My parting words part 1

I found myself in a very interesting situation as I write this letter: I don’t know what to say. I am no stranger to writer’s block. I have struggled through several incidents while writing for the WAC bulletin, but today is slightly different. This is perhaps my final lap with you.

To be honest, I have very mixed feelings. On one hand, I am confident that, as I mentioned in my announcement, it doesn’t really matter which priest or leader is with you. Ultimately, God Himself is the master conductor. So His work of growing the church continues. It isn’t dependent on me (and it shouldn’t).

Yet, in the same instant, there is a certain nostalgia. I may have only been with WAC for 4½ years. It seemed like yesterday when I first stepped into West Coast Recreation Centre for the first time and joined you in the church retreat. However short the time had been, I had formed friendships with many of you here. To leave WAC, even if for a legitimate and necessary reason, meant leaving those times behind. I had a tough time when I left my previous posting to come to WAC, and I have no doubt that I will have the same tough moments when I have to leave WAC.

I have many things on my mind that I wish to say to you, but perhaps I may start the first round by sharing with you from Acts 20:17-38.

The background of this portion of Scripture is that Paul was about to go to Jerusalem. He sent word to the church elders in Ephesus to meet him in a place called Miletus (if you’re curious, you may locate this place in some of your Bibles’ maps found at the back). This was his final speech to them.

Jerusalem was supposed to be the centre of worship for Jews and Christians. But it also had a dark reputation (ironically, because of that very status as the centre of worship) of getting so self-absorbed in that status that it failed to notice when the “real deals” i.e. the prophets sent by God, and even Jesus Himself, were among them. So it tended to kill people which it deemed to be a threat to its status, never mind that everything in their scripture pointed to these people as the bona fide servants of God.

Paul was fully aware of the fate that awaited him. His reputation and deeds had preceded him. There were people just waiting to “get him”. So he understood that this was likely to be the last time he was meeting his beloved friends, the Ephesian elders. He probably had fond memories of serving side-by-side with them for the advance of the Gospel. In all likelihood, they brought him great joy, first at their salvation, and then how they appropriated and manifested the grace of God that was given to them. Paul saw how they grew and matured in the Lord. It could not have been easy for him to be separated from them.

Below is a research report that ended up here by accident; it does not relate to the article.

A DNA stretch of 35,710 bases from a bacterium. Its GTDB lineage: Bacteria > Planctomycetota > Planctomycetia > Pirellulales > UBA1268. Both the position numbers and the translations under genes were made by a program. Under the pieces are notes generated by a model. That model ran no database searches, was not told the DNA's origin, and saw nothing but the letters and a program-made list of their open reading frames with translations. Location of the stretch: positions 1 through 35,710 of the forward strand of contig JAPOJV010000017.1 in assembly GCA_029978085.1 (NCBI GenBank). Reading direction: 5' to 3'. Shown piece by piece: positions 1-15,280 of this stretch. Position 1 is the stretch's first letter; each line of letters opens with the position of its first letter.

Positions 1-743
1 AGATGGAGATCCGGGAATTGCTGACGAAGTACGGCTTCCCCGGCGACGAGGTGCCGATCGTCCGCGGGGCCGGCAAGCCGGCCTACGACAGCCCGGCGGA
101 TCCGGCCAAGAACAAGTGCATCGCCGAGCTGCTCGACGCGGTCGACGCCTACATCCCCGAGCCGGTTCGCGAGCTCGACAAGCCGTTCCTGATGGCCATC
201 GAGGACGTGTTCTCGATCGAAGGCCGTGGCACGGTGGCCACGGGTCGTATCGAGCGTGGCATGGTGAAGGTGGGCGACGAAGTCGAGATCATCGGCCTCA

Some of us may get unduly pious and say to him, “Hey Paul, they don’t belong to you; they belong to Christ. Why are you feeling that way?” This is true, and it also misses the point. It is difficult to leave people with whom you have laboured in the Lord together. Paul is also human, and the pain of separation, however temporary, will always be painful. Other than missing them, he never stopped worrying for them.

He starts off by setting the record straight that he always tried to do right by God for them and do right by them. And then he warns them that their journey wasn’t over. After he leaves, there will be wicked people, some of whom are already in their fellowship who will try to lead people astray. When he was around, he could rebut them and defend the believers. But after he was gone, one of the intellectual and theological strongholds against false teachings will be gone.

So he urges (one can even sense, “plead”), in verse 28, for them to, “Pay careful attention to yourselves and to all the flock, in which the Holy Spirit has made you overseers, to care for the church of God, which he obtained with his own blood.”

Your first line of defence, after I’m gone, is the same: Pay careful attention to your life, your attitudes, your first reaction to anything. They reveal the state of your relationship with the Lord.

Next, and only after you’re have checked yourself, you pay careful attention to the spiritual well-being of one another. You don’t do this out of a spirit of superiority, but a spirit of awe, that the Lord would entrust the responsibility of caring each other’s well-being to you. You are not to make followers and adherents to your way of doing things (this is called “forming a personality cult”), but to seek God for how you would point them in the right direction of deeper intimacy with Jesus. You care for others out of the realisation that Jesus redeemed them (and of course, yourself too) with His own blood, and thus, you can ill-afford to be indifferent to the spiritual maturity of others.

Above all, remember the heart of the mission verse of WAC—We proclaim Christ, warning and teaching everyone in all wisdom, in order that we may present them mature in Christ.

In His Majesty’s Not-So-Secret Service,

Bertram Cheong

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